ABC – The Lexicon of Love: Round 51 – Tom’s Selection

lexicon-of-loveUnless you’ve been living in a cave for the last couple of months you’ll be well aware that recent shenanigans at DRC have featured our Singles World Cup.  According to our extensive survey and sophisticated statistical analysis, Massive Attack’s Unfinished Sympathy is the best single of all time, confirming in the process what Graham and myself had long suspected…our musical tastes are just a cut above (we both happened to choose this track as one of our top 8). Yet in the aftermath, I found myself anguishing over some of my choices wondering what might have been, especially in light of a few howling omissions. Omissions such as:

  • No Witchita Lineman as I assumed Rob and Nick would both choose this.
  • No song by Nile Rogers – in fact nothing remotely disco at all.
  • No Say a Little Prayer by Aretha Franklin.
  • Nothing from one of the finest pop albums ever: The Lexicon of Love by ABC – an album so filled with gleaming pop perfection that any one of its 9 tracks could have been submitted (as they all must have been released as singles somewhere in the world at some point in time…I’m sure I remember Many Happy Returns reaching number 1 in Guinea Bissau in 1995).

The least I could do was to take this to our first bona fide meeting since Singles World Cup.

Lexicon of Love is one of those albums (like Steve McQueen and London Calling and Tonight’s the Night and Searching for the Young Soul Rebels and…) that I bought out of a sense of obligation to its classic status, having never really been drawn to its songs whenever I heard them on the radio. But really a tinny old transistor could never do justice to such complex, orchestrated magnificence. So whilst I entered into my Lexicon of Love experience with low expectations, it wasn’t long before I began to see what all those fawning critics were on about. I was hooked, lined and sinkered!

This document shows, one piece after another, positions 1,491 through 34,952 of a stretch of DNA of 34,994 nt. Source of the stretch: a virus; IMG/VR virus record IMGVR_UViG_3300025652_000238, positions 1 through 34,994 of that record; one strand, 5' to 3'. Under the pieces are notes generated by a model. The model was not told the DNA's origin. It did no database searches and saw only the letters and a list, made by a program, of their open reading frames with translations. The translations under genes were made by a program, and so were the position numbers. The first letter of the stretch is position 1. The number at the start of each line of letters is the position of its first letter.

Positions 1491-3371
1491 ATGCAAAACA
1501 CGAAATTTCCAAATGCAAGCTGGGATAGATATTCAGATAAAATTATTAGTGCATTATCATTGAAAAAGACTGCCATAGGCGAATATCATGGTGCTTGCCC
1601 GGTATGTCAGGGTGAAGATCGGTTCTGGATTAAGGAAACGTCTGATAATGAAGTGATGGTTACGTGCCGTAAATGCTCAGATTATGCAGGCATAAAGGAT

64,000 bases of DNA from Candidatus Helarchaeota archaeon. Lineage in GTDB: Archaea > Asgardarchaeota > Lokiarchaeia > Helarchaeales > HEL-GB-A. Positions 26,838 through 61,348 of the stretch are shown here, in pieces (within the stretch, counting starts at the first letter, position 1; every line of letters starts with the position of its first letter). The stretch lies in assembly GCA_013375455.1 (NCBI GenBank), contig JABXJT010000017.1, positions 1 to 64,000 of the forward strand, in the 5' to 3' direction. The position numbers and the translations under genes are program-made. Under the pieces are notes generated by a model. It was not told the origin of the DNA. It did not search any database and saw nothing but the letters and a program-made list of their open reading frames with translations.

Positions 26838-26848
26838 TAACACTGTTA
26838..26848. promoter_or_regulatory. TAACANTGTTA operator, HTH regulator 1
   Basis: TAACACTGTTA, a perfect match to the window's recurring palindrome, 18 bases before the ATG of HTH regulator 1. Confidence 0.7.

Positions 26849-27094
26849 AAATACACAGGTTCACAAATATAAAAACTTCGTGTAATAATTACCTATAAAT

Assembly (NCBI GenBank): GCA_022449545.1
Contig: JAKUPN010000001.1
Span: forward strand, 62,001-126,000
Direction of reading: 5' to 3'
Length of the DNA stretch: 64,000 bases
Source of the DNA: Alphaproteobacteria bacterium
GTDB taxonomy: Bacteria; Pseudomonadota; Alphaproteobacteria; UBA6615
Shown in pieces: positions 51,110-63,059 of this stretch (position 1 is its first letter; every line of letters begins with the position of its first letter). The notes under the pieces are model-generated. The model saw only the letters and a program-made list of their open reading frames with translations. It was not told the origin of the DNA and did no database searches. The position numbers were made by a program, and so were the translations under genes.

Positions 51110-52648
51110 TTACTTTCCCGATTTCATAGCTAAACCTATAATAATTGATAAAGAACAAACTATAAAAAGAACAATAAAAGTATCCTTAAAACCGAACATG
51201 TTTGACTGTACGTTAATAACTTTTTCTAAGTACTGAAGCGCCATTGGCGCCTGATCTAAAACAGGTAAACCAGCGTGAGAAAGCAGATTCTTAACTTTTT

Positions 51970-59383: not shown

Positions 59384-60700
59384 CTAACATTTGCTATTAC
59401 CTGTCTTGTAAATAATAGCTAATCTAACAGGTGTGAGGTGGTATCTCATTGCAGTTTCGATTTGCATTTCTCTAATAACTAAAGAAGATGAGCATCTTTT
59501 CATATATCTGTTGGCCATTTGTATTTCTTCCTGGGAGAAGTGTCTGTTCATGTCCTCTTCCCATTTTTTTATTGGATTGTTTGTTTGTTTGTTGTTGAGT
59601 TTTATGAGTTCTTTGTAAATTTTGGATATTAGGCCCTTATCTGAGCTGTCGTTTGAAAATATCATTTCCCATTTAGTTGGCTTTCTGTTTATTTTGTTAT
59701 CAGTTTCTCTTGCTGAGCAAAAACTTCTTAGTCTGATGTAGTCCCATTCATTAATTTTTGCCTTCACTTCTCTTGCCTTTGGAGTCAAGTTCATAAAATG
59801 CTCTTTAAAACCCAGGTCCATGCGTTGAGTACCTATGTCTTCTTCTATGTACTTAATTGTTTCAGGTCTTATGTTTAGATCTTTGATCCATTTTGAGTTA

Although most definitely pop music, The Lexicon of Love offers so much more than this might suggest and hence stands proud at the top of that shiny, synthesized pop edifice that existed in the early to mid 80s. So many bands tried to run with this baton only to trip up within a few steps, missing the point that hidden within these nine pop jewels is a subtlety and sophistication that rewards repeated listens and works on so many levels that even after hundreds of listens it reveals new twists, sounds and atmospheres. Although a completely different beast, maybe the next record to come along that managed to repeat this trick so successfully was Portishead’s Dummy – I can’t think of many records in between these two that could claim to balance accessibility, sophistication and innovation quite so adeptly.

Yet despite having such riches in abundance, Lexicon of Love is defined by its two chart smashes – let’s face it, everyone of a certain age can sing along to Poison Arrow and The Look of Love. But to suggest that these two tracks are the album’s crowning glories is just plain stupid….they are all crowning glories. Tears Are Not Enough and All of My Heart were also released as singles and are every bit as good (in fact I prefer them, but that doesn’t necessarily make them better) and my favourite track of all varies with each listen although I always find the majestic and ominous Valentine’s Day to be absolutely breathtaking.

Although ABC went on to release a string of well enough regarded albums after the Lexicon of Love, they were always chasing their tails and their latter day output has always been (perhaps inevitably) overshadowed by this gargantuan debut album of pure pop perfection..after all, when you’re at the top, the only way is down!

Rob listened: Well, I don’t think ‘Lexicon of Love’ has anything in common with ‘Dummy’, but I do think that it sits squarely in the middle of Tom’s sweet spot, nestling in amongst other sophisticated 80s pop suites like ‘The Dreaming’, ‘Sulk’ and ‘Spirit of Eden’. I do remember the singles making quite an impression over a crackly AM radio, but I never went back to ‘Lexicon’ after I started buying records of my own, so tonight was my first time hearing it through. I loved it, predictably. I’ve been back to it four of fives times in the ten days since we met and have had ‘All Of My Heart’ in constant Head Music rotation. There must be pop music as head-spinning as this being made right now. I wish I had the time to open my ears to it, but first of all I think perhaps I’ll spend a couple of decades mining all the stuff like this I missed first time around.

Nick listened: I’m aware of the esteem that this is held in, but aside from a couple of snatches of choruses to the singles, I’m just a little too young to have felt its initial impact or to have been swept up in the resultant ripples later on. As a result, most of this was pretty much brand new to me, which seems nuts given the way the other guys enthusiastically talked about it, even if they hadn’t been into it at the time. 80s sophistipop is a rich seam, and this has nudged its way onto my longlist of stuff to explore further, the way Prefab Sprout did when Tom brought that.

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